Where can you fish in a crowd?
By Ron Brooks,
The weather was superb except for the wind. Although protected waters were fine, getting offshore was a challenge with a 15-knot northeast breeze and a heavy ground swell underneath. It was the weekend – the first really nice, warm weekend of the year, and it seemed that every boater in the city was on the water.
I launched a little late in order to avoid the early rush at the ramp. That effort paid off, as I was able to get the boat in the water with no waiting and no crowd. I did have to park some distance away, but it was worth it.
As I idled up Sister’s Creek on an incoming tide I noticed that even the offshore boats were running inshore. I reached my first stopping place – one that is almost guaranteed to provide me one redfish – and there was not one, but three boats sitting back in the creek and at the creek mouth. I moved on.
The second stop was almost as bad. There are only a few ledges and drops that hold fish on an incoming tide. I thought I had this next place all to myself, but when I rounded the bend, there sat another angler in exactly the spot I wanted to be. He was catching trout and bluefish as fast as he could get a bait in the water. I idled around him and into the mouth of a small creek just behind him. I was going back to another of my “secret” holes when I noticed that yet another boat was sitting right where that hole was.
The story was the same all day long. How could so many people know all of my fishing spots? Of course it was only after I calmed down when I got home that I recollected how I found most of these holes – I saw someone else fishing them and made notes!
Trying to get free from all the other anglers, water skiers, jet skiers, pleasure boats and yachts that were churning up the Intracoastal Waterway, I headed back into some creeks that I had not only never fished, but also had never seen anyone else fish.
The spring flood tides had the water higher than normal on this tide, so I was able to get to places that were ordinarily inaccessible. It seems the fish had the same idea. And wouldn’t you think that they had the right idea? Boats were churning the water. The banks of the ICW were being sloshed to a muddy froth. There was no peace!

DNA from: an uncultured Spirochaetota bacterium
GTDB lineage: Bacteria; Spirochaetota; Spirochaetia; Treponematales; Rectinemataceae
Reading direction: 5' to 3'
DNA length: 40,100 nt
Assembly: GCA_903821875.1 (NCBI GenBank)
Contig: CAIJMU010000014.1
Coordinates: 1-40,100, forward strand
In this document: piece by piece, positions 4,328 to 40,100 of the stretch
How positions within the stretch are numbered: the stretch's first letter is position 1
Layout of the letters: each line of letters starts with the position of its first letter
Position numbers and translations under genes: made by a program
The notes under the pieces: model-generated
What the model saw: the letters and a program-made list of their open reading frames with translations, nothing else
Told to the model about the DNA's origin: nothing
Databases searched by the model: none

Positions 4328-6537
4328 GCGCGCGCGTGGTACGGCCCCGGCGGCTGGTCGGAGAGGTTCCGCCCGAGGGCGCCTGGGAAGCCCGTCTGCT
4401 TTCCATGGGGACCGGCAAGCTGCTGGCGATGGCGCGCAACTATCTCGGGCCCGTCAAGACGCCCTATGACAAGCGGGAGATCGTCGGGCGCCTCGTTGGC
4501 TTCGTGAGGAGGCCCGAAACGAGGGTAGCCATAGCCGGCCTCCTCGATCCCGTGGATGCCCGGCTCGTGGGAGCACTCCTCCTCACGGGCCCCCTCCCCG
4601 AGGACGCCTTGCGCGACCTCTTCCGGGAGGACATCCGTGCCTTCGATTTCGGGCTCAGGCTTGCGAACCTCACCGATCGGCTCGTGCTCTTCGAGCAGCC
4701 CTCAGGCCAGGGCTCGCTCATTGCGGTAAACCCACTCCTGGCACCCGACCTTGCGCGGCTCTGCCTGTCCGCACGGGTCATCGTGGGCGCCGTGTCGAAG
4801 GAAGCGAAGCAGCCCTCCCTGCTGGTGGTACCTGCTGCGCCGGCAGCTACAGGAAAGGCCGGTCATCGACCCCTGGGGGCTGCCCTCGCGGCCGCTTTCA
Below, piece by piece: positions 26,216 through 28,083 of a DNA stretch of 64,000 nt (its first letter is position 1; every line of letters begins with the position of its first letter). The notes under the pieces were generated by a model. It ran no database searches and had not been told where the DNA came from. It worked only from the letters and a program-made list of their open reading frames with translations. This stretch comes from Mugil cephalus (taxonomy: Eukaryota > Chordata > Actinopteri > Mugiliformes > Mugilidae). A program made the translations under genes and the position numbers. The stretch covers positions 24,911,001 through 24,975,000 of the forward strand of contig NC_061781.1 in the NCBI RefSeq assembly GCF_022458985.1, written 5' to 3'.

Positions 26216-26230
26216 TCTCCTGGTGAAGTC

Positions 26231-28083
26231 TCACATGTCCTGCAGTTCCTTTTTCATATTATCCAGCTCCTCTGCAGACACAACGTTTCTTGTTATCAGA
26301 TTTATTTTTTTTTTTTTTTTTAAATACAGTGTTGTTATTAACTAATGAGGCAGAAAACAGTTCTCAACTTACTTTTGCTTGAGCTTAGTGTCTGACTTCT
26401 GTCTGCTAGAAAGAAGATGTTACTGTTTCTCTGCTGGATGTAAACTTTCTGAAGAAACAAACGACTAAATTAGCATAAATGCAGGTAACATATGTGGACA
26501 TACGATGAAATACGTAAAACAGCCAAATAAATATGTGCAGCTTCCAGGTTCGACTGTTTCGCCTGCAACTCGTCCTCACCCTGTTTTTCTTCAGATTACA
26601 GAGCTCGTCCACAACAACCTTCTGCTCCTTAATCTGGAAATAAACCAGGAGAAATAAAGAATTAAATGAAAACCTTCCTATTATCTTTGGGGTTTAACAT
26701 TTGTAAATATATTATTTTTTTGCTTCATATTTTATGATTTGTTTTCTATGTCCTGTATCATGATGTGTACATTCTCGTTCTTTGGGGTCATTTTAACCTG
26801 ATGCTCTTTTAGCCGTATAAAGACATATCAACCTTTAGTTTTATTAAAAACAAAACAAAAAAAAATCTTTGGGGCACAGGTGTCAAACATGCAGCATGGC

I was finally alone and able to actually try to catch some fish. I did manage an oversize redfish, which I released. And when I found a bend in this creek that had a deeper hole, I found the trout and bluefish. They were small – under the legal size limit – but they were plentiful.
They were so plentiful, in fact that I broke out my fly rod. It was a nine weight, and it was really heavy for these fish. I was originally going to look for some feeding redfish way up on the flats, so this was the only fly rod I brought. But, the small Deceiver fly was deadly on these fish, and I managed to catch as many as I wanted, even though I was way over powered. I wished then that I had put the four or five weight in the boat as well.
Other boaters I ran into back at the ramp had only a so-so day. “Too many boats”, was a phrase I heard over and over. But my day had turned out to be fairly good – not what I had planned, but acceptable as fishing days go.
I was able to put three more small creeks on my chart, creeks that I can go to when the boat traffic has done me in. And it appears I will have company in those creeks. It appears the fish will be headed there as well to get away from the crowds!
Back when I used to fish out of Miami on a weekend day, Biscayne Bay looked like – and still does – a boater’s parade. Everywhere you turn there were boats. Actually the only time I really fished Biscayne Bay was in the winter when the Spanish mackerel were running inside of Stiltsville.
But I learned over time, that if I could get into some places where others either could not or would not venture, I could usually find some fish. The grass beds off of Mercy Hospital, protected by a flat, usually held some trout. The mangroves along the shore could be counted on for a snook or two and I actually found some holes that held mangrove snapper. So, right in sight of the Miami skyline, right under the noses of a lot of boaters, I was able to catch fish. All I had to do was get away from the crowds.
Take this experience with you next time you fish a crowded area. It’s a method that will work anywhere. When other boaters on the water crowd you out, they crowd the fish out as well. Head away from the crowds and you will find some fish!